“There is no reason to give conservation officers assault rifles other than to send a message that Saskatchewan is prepared to go to war with its Indigenous population,” Johnson wrote.
When the Stanley trial was decided, Johnson recalled having a trauma response in which he “shut off the radio and ignored all social media.”
His response to the discussions around anti-Black and anti-Indigenous policing and racism in the Canadian prison system ignited in the summer of 2020 was similar.
To Johnson, trauma is not just a side effect of policing and justice, but an integral part of the system.
As a crown prosecutor in La Ronge, Johnson prosecuted about 1500 files a year.
“A thousand of those files will document a trauma of some sort. Most of my files were assault: assault with a weapon, assault causing bodily harm, aggravated assault, murder, manslaughter, sexual assault,” Johnson said.
For Johnson, those files don’t just represent the trauma of the victim: they represent the trauma of the perpetrator, the trauma of the families, and even of the police who were called to the event.
In fact, Johnson knows several police officers who are on leave due to PTSD. One man who left the force told Johnson about a house call that demonstrated the network of traumas, which Johnson recounted to The Pigeon.
“They’re told that ‘Joe’ is [in the house] drunk and Joe is causing trouble, so they go to the house to remove Joe. Joe’s a large man who doesn’t have a shirt on. They ask Joe to leave, he refuses, they go to arrest Joe and there’s a wrestling match on the living room floor with two police officers trying to put handcuffs on a large, drunk, bare-chested Joe.”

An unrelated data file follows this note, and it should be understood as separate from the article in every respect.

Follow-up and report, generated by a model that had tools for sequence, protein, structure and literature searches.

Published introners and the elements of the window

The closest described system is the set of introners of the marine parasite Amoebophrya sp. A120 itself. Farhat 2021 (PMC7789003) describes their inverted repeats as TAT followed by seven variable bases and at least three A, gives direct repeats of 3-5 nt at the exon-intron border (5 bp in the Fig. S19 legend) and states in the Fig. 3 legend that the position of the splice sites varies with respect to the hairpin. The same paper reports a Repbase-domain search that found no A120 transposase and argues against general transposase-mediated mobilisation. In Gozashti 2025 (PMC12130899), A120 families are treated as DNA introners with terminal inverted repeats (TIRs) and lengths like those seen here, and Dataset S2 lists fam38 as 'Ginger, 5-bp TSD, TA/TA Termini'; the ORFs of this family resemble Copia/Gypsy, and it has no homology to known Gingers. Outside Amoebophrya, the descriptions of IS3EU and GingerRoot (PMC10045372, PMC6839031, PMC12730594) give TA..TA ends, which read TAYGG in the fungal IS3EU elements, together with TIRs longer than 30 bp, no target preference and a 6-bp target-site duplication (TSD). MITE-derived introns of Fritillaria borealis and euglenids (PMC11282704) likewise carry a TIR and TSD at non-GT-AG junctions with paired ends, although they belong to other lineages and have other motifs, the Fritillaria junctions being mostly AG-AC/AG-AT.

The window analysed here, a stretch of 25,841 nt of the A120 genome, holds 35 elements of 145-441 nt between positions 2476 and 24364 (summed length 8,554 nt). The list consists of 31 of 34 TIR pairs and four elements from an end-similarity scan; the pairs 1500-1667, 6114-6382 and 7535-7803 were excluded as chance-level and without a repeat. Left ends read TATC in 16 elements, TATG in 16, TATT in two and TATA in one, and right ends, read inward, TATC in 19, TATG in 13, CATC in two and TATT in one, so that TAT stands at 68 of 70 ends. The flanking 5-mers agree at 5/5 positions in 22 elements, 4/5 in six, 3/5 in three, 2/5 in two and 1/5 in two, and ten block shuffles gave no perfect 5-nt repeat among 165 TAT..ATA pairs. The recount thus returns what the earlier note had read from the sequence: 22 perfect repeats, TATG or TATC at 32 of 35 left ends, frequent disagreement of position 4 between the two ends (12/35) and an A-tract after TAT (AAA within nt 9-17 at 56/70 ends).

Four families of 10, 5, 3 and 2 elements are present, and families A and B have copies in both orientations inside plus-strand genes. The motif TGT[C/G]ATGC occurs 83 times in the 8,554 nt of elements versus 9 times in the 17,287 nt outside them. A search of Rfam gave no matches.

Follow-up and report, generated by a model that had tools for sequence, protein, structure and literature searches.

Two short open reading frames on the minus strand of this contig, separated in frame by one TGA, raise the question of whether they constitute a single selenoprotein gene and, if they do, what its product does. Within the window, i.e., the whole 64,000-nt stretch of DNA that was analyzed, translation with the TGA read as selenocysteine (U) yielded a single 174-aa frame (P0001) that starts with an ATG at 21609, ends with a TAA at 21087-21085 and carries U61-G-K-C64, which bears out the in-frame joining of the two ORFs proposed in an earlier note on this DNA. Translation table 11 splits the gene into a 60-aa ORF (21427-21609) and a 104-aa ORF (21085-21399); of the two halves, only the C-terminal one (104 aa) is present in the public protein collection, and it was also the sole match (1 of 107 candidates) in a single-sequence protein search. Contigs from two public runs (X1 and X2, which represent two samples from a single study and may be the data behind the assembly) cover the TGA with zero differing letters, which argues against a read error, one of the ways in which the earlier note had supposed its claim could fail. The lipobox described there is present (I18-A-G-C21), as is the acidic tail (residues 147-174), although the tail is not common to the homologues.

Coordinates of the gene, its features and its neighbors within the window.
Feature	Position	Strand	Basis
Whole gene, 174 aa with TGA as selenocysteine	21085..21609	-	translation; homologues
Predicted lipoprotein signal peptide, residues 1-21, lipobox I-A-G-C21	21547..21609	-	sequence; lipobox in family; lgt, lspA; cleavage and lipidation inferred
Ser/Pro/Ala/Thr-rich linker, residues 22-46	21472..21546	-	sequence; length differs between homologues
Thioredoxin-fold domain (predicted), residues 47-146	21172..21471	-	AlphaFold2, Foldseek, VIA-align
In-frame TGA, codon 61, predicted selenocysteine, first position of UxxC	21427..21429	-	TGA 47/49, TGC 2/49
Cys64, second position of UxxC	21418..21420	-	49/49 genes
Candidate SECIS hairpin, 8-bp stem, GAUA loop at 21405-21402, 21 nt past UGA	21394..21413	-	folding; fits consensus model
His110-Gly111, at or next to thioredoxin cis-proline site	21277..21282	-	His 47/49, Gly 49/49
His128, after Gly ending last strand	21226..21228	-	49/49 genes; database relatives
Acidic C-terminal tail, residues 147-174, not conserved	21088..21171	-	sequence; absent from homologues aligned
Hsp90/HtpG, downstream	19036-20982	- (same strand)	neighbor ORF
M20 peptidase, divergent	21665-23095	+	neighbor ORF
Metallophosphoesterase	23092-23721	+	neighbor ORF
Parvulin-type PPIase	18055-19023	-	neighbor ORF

“There are three little boys on the couch watching cartoons, and when this police officer looks up at the boys, they’re leaning over to look around the disturbance of the two police officers and Joe, focusing on their cartoons.”
“The police officer interpreted that as those children [being] so used to violence that they didn’t even watch it anymore.”
In his book Firewater: How Alcohol is Killing My People (and Yours), Johnson also has much to say about men in situations like Joe’s and the colonial trauma that brought them there.
“We have a traumatized population and a traumatized police force, and we put them together and expect good results. That’s not going to happen.”
“Now multiply my thousand files by eleven, for the eleven other prosecutors in Northern Saskatchewan, and that’s eleven thousand files representing multiples traumas, just for one year.”
This fall, Johnson attended an online conference with people who had worked with the United Nations to bring the Declaration on the Rights of Indigenous Peoples into being.
Other efforts like the Truth and Reconciliation Commission were being discussed, and Johnson felt he had to bring those in attendance back to reality.
“I had to keep reminding people that in the communities, it hasn’t gotten better,” Johnson said.
When The Pigeon spoke to Johnson, his daughter was preparing to write the LSAT, the preliminary test for entry to law school.
“When I got into Harvard, law opened doors for me. A law degree is a powerful story to tell,” Johnson said.
However, he has no illusions about the legacy of his legal career.
“I believe I have done more for humanity as a writer than I did as a lawyer.”